Carlyle, the cynic, says man is a “cooking animal.” And the recipes handed down to us from long dead days, show that our Fore-dames must have kept their subtle hold over him by much knowledge of what ministered to the comforts of the inner man; moreover, antique instructions for lace washing, renovating, remedies, whatsoever appertained to skilful housekeeping, was also in their ken; while the large basins, sometimes to be met with in our precious possessions of old china, were manufactured for the mistress’ use in washing up their choicest breakfast and tea sets. But modern housewives with the besetting sin of the beckoning bridge tables, have neither love nor leisure for this womanly occupation, though they thereby relieve even practised hands of an unnerving responsibility.

The servants in large establishments are generally the offspring of old retainers, but the sullen power of discontent creeps in even at these pretentious portals. The housekeeper, the butler, the ladies’ maids, through the housekeeper’s key, have an “open sesame” to the delicacies in the otherwise locked larders; but certainly this is the principal factor of the lower servants’ grievance. Hotels, tea-rooms, and shops become their objective, and though these occupations for over debar them from a return to patrician halls, they seldom want to take up their old life with its dreary routine, for who, having tried domestic duties, are gainsay its monotony.

Monotony that is the keynote of domestic revolt. Since I have been in Sydney I have heard of a Chinaman appearing in his Sunday suit in the middle of the week, and being asked to explain, said: “Too muchee washee-up,” only he emphasised it with unprintable fervour. “Washee-up all day, washee-up all night, allee same next day, allee time washee-up.”

Regard the soda-shrivelled skin surmounting the parboiled flesh of the washer-up’s hands. The lye-burnt and discoloured nails, the laundry-enlarged joints, think upon these things; then say, with what womanly handicraft will this worker’s inflexible fingers plan the garments of her offspring, should she become a wife and mother. This is the secret or the success of the kitchen literature.

The narrative containing the perils of the peerless Paulina takes the place or the nimble needle. The romance may have a sinister influence, but for the time it lifts the engrossed servant out of her surroundings. Small wonder if in middle life is so resorts to some stimulant for this purpose.

The shop girl does feel the strain of set hours and continued standing, and the fastidious caprices of women customers, but her efforts to serve are not confined to our sex; there is the male customer to break her monotony, and sharpen nor palate with the spice of life, variety – this subtle mind cure.

I was very young when I got my first lesson in metaphysics; an elder brother had taken a younger one and me on an unwisely long walk, and on the return journey we both knocked up, and demanded to be carried; his ingenuity met the situation. “Knocked up, are you; then you must ride home.” He cut us two stick horses, which we mounted, and with the aid of two switches flogged the rest of the way, as we thought, out of our steeds.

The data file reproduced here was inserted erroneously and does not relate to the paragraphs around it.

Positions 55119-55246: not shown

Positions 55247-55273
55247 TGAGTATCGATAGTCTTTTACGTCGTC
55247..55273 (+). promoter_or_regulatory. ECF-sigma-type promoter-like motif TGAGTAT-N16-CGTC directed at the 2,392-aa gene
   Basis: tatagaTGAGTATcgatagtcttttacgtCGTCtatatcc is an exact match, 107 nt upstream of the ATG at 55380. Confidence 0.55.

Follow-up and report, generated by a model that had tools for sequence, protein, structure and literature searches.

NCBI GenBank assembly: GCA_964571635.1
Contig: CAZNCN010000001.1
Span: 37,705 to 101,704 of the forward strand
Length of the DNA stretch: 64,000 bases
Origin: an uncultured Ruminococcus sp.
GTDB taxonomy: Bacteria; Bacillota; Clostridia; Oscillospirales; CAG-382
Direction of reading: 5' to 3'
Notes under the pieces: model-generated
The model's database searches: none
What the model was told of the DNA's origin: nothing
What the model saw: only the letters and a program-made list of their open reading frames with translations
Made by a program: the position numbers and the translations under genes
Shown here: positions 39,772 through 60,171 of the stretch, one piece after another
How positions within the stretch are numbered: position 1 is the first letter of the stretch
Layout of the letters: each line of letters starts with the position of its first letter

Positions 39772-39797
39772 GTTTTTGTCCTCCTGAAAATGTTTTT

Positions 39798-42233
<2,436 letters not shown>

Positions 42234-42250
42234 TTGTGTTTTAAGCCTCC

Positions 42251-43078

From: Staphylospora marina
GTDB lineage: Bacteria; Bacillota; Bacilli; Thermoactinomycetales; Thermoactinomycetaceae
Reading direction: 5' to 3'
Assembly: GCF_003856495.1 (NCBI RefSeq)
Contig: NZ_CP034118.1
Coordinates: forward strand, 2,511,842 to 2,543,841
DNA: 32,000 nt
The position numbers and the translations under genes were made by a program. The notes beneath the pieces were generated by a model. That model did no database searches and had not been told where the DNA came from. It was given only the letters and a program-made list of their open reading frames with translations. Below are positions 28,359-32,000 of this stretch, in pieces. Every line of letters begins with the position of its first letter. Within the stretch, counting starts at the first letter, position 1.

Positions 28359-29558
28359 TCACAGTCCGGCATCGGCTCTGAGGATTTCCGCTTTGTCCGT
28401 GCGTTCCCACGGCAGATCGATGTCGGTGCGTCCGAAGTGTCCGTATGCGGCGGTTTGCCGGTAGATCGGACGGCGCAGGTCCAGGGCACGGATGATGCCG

“Servants are like children, and I treat them accordingly,” one arbitrary mistress told me once, but I am sure she never stopped to think if they regarded her in the light of a bad stepmother, nor are domestic duties well and intelligently performed the accomplishment of a child. Most of us housewives, at one time or other, have had to enter the kitchen and try our ‘prentice hand at preparing meals, therefore we know the strenuous exigencies that encompass every action of well-rendered services.

Manhood suffrage in Australia most certainly limited the working man’s labours to eight hours. Out sex have had the coveted blessing or the franchise for many years, but in all those years there has never been a concerted earnest movement to make the Eight Hours Act apply to household workers, though I know something has been done for shopgirls and factory workers.

The domestic life is in the – to women – political wilderness just the one oasis which they understand, and the personal inconvenience ensuing to themselves which the Eight Hours Act applied to domestics would entail. Yet, considering the absolute necessity of domestic duties, the marvel is by what unnatural means it occupies its present undignified position. It is selfish thoughtlessness that has made girls leave this most womanly pursuit for the demoralising factory life, with its pernicious, far-reaching after-effects. For domestic service, as it now is, is but a survival of slavery, and acknowledging it’s the slave that makes the tyrant – how does the magnanimity of the mistress stand?

The present system existing between mistress and maid is threatening the very foundations of home life. The axe is laid at its roots with a severing menace. To protect this human birthright employers must surrender obsolete prejudices. The kitchen must be classed among the high places, and those who steer this helm of home must be called no longer “servants,” but benefactors,” for a competent cook has much to do with the making of a Christian.


Barbara Baynton, “Indignity of domestic service“, The Sydney morning herald, 10 June 1911: 4.